What happens when you build a giant mall and nobody comes? That's what they're finding out in Dongguan, China at the New South China Mall.
Bloomberg takes a look at the current largest mall in the world--which, by all accounts, has been a disaster. It's been mostly empty since it opened and this short segment shows what the center looks like on its "busiest" day of the week and why it's had so many issues.
We wrote about the problems at the mall and other Chinese behemoths three years ago.
Here's what we wrote then:
The problems are manifold. Since the South China Mall is situated in a suburb, it is borderline inaccessible to the vast majority of Chinese residents who don't have cars. (There are only 11.5 million cars owned by individuals in all of China.) To say the least, foot traffic has not been brisk. A Bloombergaccount of the property in mid-April described the mall as “almost deserted.” The property's planners anticipated 100,000 shoppers a day would pass through the property. But a mall spokesperon acknowledged that foot traffic is currently just one-tenth that amount.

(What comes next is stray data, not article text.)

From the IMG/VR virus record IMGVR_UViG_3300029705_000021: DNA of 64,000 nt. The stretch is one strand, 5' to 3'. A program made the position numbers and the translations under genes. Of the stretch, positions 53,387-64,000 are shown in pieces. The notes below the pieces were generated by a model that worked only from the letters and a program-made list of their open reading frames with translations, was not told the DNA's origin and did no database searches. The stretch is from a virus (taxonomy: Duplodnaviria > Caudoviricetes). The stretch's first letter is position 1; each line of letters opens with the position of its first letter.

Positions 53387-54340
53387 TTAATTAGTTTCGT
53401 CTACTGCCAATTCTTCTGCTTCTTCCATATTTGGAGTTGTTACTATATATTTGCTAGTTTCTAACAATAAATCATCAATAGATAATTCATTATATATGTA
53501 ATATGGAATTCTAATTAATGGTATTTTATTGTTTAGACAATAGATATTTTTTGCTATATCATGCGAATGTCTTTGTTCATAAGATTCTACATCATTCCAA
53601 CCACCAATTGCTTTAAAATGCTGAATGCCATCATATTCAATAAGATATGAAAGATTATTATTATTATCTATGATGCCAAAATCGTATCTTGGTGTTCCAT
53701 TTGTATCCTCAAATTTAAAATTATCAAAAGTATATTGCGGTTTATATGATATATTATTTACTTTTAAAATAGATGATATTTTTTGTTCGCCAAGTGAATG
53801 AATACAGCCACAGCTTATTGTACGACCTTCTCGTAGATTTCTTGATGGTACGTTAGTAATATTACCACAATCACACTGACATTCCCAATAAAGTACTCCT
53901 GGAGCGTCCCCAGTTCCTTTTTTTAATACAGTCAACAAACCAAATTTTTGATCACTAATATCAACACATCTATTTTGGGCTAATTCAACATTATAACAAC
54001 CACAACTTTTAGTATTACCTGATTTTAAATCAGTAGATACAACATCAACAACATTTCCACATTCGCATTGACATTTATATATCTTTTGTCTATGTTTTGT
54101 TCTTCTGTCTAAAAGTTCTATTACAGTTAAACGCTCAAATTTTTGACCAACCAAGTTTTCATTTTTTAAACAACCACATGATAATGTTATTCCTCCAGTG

What's more, observers say, the property has a patched together feel and violates many of the fundamentals of mall design — some laid down at the dawn of the mall era. “You see corridors with blind spots hiding tenants,” explains Ross Glickman, chairman and CEO of Urban Retail Properties in. “You see corridors ending in walls.”
With the mall struggling so much two years after its opening, some wonder if it will ever live up to the initial hype. (For its part, Dongguan San Yuan says the mall is still in a “phase” and expects its sales performance to improve.)
Sounds like things haven't changed. At all.
(Hat tip to Coy Davidson, who tweeted the link a few minutes a go.)